Georgia Criminal Defense Blog

Man Arrested for Alleged Satanic Graffiti in Atlanta Neighborhood

Posted by Richard Lawson | May 16, 2019 | 0 Comments

Reports out of Atlanta show that 32-year-old man, Zachariah Williams, has been arrested for weeks worth of vandalism near Pryor Road.

Authorities have been trying to find the suspect responsible for graffiti depicting satanic symbolism including: 666, Die, Payback, I'm going to kill you, etc. This graffiti has been spotted all over the Lakewood Heights neighborhood. The city would paint over the graffiti just for it to reappear in the subsequent days.

Police were able to identify Williams as the suspect through tips from the community.

As an Atlanta Criminal Lawyer, I will outline the law that Williams has been accused of breaking - the law behind criminal damage to property.

Williams has been arrested on second degree criminal damage to property. There is also first degree criminal damage to property in Georgia, which is penalized more strictly - however they are both serious offenses.

Second Degree Criminal Damage to Property in Georgia

Georgia Law defines second degree criminal damage to property in Georgia in O.C.G.A. §16-7-23 as:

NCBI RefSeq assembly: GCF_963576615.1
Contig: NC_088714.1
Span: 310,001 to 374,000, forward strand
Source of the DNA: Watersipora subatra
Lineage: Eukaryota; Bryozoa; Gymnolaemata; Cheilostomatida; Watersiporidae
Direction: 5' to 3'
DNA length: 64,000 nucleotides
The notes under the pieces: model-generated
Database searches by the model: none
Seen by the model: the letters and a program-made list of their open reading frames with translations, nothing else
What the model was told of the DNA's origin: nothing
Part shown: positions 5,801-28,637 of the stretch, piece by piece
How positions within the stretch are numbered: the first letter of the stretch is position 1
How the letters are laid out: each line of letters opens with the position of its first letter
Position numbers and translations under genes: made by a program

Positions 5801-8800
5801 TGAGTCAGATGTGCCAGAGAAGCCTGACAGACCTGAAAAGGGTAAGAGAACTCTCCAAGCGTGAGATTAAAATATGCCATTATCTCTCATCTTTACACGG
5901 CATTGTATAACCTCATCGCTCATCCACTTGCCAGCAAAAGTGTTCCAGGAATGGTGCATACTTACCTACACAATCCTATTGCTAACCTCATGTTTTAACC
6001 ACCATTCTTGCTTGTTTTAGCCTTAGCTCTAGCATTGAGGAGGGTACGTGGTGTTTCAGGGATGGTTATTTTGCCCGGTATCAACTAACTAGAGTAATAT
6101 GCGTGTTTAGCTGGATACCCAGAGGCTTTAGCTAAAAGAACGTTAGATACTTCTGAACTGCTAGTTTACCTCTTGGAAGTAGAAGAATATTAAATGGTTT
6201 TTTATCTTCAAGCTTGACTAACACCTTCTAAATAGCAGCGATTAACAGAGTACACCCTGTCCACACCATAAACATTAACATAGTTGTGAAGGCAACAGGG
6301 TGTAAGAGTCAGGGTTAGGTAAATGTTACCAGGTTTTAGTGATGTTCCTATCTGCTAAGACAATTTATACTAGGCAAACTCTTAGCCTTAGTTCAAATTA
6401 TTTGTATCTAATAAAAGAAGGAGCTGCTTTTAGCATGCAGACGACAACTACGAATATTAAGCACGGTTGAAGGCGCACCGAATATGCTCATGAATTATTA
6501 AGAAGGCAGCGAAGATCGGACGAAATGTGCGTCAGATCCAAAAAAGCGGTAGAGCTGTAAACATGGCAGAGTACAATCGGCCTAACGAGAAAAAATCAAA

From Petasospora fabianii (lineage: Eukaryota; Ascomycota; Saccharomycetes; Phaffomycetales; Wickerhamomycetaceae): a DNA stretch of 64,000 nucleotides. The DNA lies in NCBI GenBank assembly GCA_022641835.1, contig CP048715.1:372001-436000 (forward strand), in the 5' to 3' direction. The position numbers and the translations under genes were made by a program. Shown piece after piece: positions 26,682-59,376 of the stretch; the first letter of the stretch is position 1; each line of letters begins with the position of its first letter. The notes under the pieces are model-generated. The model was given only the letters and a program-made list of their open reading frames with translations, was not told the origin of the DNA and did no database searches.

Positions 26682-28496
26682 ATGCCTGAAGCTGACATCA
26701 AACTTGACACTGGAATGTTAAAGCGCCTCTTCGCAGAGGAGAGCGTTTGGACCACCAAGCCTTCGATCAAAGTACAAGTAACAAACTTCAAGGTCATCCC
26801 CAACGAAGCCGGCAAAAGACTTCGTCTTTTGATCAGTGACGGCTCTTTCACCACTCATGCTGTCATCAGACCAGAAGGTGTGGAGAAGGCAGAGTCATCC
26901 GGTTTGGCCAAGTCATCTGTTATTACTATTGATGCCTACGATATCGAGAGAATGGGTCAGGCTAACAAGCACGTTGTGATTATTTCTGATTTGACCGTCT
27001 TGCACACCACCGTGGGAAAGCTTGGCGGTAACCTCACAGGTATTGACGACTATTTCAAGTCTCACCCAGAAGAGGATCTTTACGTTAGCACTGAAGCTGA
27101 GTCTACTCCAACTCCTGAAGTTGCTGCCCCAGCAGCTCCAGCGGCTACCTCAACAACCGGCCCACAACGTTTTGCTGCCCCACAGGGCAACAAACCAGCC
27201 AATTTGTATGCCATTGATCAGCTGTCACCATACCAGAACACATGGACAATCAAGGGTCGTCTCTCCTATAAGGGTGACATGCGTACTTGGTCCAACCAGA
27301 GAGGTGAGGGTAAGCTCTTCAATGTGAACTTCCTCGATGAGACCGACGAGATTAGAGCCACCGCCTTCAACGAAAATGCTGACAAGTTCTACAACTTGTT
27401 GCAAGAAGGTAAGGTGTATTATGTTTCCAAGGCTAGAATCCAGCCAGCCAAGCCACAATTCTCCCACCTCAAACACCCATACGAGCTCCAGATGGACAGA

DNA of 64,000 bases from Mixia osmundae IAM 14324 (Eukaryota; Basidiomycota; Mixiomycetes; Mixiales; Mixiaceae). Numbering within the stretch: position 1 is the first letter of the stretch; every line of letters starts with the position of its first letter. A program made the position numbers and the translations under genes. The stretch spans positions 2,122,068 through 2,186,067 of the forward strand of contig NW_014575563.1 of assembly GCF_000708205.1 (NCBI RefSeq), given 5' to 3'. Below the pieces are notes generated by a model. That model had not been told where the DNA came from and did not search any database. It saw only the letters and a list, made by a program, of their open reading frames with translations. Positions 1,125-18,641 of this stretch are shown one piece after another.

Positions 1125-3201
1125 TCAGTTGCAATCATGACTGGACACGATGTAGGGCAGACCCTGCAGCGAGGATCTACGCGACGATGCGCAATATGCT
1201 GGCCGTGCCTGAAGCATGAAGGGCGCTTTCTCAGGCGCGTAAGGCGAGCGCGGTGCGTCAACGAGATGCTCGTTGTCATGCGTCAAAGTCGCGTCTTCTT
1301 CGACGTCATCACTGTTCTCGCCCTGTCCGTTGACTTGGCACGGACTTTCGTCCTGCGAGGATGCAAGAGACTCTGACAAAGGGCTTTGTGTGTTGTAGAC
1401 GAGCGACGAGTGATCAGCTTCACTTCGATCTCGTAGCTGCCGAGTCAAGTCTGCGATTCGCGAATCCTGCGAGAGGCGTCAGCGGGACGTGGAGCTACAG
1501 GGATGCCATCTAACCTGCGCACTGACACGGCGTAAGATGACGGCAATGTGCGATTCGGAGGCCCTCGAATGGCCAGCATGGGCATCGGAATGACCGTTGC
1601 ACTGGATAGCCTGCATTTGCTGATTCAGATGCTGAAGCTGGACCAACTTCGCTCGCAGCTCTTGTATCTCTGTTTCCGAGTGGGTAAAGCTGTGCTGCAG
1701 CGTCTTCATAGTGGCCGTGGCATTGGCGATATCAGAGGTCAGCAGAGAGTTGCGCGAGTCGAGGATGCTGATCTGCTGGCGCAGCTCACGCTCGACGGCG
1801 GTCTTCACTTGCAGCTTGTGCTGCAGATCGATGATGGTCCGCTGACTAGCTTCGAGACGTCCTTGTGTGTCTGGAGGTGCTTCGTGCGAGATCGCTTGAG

A person commits the offense of criminal damage to property in the second degree when they:

  • Intentionally damage any property of another person without their consent, and the damage, therefore, exceeds $500.00; or
  • Recklessly or intentionally, by means of fire or explosive, damages property of another person.

By law, damage means depreciation in value, whether the depreciation is caused by a wrongful or a lawful act. However, it can also refer to some loss, injury, or harm that results from the unlawful act, omission, or negligence of another. Damage to property means all injuries, which one may sustain with respect to that person's ownership of personal property. 

In fact, the crime of criminal damage to property in the second degree and criminal trespass in Georgia are nearly identical crimes except for the amount of damage required for a conviction.

Damage is determined from testimony of the owner of the property as to their opinion of the value of the property, without proof, is not sufficient to prove the value of the property. There also must be some evidence of the property's value. One way to show the value is when a witness pays the monetary amount necessary to make the owner's property whole again. The amount necessary to make them whole is then a fact, not an opinion and is sufficient evidence. In cases where the value is unknown, there must be some competent evidence from which a jury could determine the value of the damage. 

Second degree criminal damage to property is classified as a felony offense. The punishment for a criminal damage to property in the second degree conviction will be a prison term between one and five years.

Practice Note

Georgia Felony Penalties are not to be taken lightly - a felony conviction will completely change all areas of a person's life. If you or a loved one has been arrested, contact a Georgia Criminal Defense Lawyer today. We can help you with your case.

About the Author

Richard Lawson

Managing Partner at Lawson & Berry:


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